textMay 21, 2013 1:30 pm
By Alexia Chandon-Piazza, who used to sing with La Cigale de Lyon under the direction of Anne-Marie Cabut. Now she sings the way she does most things, that is, without direction and with great eagerness. She has a website.
It was a late afternoon on the 5th floor of a primary school in the city centre. I was seated in the tier reading a comic book. My mum had always wanted me to learn music. I didn’t want to play the violin or the piano, so she suggested I sing. I was 6, and said okay. After one year she was told I should audition for a bigger, high-level choir that was in my city. So here I am, on a sunny day of summer, a few days away from the grandes vacances, reading my book, waiting for my turn to sing. Everybody else has sung, my mother is pressing me to get up. I close my book and walk down to the piano. The choirmaster asks me my name. “Alexia Chandon-Piazza,” I say, in the faintest voice. “WHAT?” she roars, putting her hand behind her ear.
♦ ♦ ♦
Choral music has existed since Antiquity, transforming itself into Gregorian, Renaissance, Romantic music and the like, and it has often been associated with Christianity. Yet — this choir was laic. Of course we sang many songs from different sacred repertoires, but there was no religious education around those pieces — we sang it for the beauty of the music, not necessarily for the message it conveyed. At least that’s how I viewed things, not being a Christian myself. I discovered through music the gems, though, old and new, as well as secular pieces. I discovered Benjamin Britten, William Byrd, but also Fosco Corti, Arne Mellnas and many other composers.
The first rehearsal. I’m on the left side of the tiers with the soprani, sitting between older singers — they’re 14, 15. I am handed a score. I don’t know how to read it but I don’t want to tell anyone, so I pretend to follow along. I get lost. It is the Litanies à la Vierge Noire by Poulenc. Not exactly the kind of music I’m used to. The lyrics go “Dieu le Saint Esprit sanctificateur, ayez pitié de nous.” I don’t understand anything. I leave the score on my lap and start listening. I am taken by surprise by the beauty, and while I cannot comprehend everything that is going on, I listen, open-mouthed. The choirmaster stops, adjusts the intention, the colour of a group of voice, the nuances. She sculpts the voice of the choir as if it were matter, hears the strand of voice that doesn’t go with the flow, adjusts, makes the choir repeat, again and again.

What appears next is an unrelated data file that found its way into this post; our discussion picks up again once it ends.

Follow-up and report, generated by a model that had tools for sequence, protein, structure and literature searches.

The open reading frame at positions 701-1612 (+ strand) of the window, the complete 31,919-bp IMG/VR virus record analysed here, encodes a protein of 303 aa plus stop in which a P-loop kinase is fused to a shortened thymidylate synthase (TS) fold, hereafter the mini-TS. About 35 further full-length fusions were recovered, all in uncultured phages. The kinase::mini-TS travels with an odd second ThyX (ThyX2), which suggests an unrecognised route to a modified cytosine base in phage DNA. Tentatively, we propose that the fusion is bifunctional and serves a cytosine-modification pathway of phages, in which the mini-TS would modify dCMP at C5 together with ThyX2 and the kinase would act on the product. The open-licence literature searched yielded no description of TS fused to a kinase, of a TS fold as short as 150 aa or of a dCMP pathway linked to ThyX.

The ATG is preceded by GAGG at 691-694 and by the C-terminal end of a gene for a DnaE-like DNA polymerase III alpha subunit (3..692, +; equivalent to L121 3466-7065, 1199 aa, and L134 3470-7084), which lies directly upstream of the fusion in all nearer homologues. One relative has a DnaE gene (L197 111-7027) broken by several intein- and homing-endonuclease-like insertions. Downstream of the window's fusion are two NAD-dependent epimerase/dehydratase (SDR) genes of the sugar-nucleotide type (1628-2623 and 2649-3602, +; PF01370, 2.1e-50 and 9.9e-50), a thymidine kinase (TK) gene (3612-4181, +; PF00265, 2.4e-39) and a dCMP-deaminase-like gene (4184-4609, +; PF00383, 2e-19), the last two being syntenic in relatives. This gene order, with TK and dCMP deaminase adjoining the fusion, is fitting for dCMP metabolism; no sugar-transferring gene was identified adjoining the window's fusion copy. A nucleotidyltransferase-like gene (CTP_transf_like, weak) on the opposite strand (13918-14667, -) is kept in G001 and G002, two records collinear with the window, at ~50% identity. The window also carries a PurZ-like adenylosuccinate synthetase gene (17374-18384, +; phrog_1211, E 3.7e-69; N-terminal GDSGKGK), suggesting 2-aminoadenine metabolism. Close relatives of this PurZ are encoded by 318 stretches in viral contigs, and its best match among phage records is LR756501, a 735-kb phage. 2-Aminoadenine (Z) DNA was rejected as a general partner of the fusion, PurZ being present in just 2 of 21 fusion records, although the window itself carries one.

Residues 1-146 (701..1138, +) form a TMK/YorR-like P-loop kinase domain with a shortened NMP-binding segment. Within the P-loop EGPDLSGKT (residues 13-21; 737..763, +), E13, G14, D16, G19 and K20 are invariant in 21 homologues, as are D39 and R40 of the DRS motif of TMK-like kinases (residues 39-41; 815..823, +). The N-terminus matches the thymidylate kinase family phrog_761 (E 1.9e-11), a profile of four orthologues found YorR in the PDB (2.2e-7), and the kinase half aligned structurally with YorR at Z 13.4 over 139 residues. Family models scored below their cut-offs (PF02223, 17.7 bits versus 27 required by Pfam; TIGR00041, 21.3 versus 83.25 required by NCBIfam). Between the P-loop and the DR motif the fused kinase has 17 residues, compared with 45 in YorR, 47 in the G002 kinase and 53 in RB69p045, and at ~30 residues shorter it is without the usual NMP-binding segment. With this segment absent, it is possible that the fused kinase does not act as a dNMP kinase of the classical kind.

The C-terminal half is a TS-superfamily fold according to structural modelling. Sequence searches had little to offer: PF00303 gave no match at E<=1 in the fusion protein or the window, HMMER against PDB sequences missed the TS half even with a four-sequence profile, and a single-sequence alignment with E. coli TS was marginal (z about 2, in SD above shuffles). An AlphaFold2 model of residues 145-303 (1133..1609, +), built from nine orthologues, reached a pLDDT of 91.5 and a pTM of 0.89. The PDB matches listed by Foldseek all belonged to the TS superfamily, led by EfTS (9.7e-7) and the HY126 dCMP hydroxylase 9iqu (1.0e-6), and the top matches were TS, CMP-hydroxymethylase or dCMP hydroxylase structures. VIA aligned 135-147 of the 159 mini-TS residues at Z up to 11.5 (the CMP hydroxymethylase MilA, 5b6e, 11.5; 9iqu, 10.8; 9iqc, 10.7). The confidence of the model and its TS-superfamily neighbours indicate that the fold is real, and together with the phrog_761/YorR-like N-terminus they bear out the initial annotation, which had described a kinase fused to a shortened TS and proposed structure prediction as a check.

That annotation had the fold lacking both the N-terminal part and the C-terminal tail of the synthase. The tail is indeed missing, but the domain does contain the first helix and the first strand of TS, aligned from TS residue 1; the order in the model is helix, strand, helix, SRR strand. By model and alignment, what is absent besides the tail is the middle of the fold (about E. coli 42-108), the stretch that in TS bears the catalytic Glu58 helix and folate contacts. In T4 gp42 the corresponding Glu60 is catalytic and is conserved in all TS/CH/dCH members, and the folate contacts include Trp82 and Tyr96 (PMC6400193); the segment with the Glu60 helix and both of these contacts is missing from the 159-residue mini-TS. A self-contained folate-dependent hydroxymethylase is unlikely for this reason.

Entering the choir allowed me to travel the world more than many adults ever will. I went on tours in France, Italy, Austria, Switzerland, Germany, Slovakia, Czech Republic, Belgium, Ireland, and China. I stayed at people’s place and ate the food they made for me. We talked even if we didn’t share the same language. I got to sing in Arabic, Japanese, French, English, Chinese, German, Spanish, Gaelic — even in invented languages with Joiku by Jukka Linkola — all of this with more or less accurate accents. My mother and I welcomed foreign choir singers in our home and shared a few days with them. I overcame my shyness, both with the contact of all the amazing persons I met, as well as through the audience. I got to sing in front of many, many people, both small audiences and large ones. I sang in tiny churches in the middle of the French countryside, as well as in the Forbidden City, where three thousands spectators sat in front of us and behind us.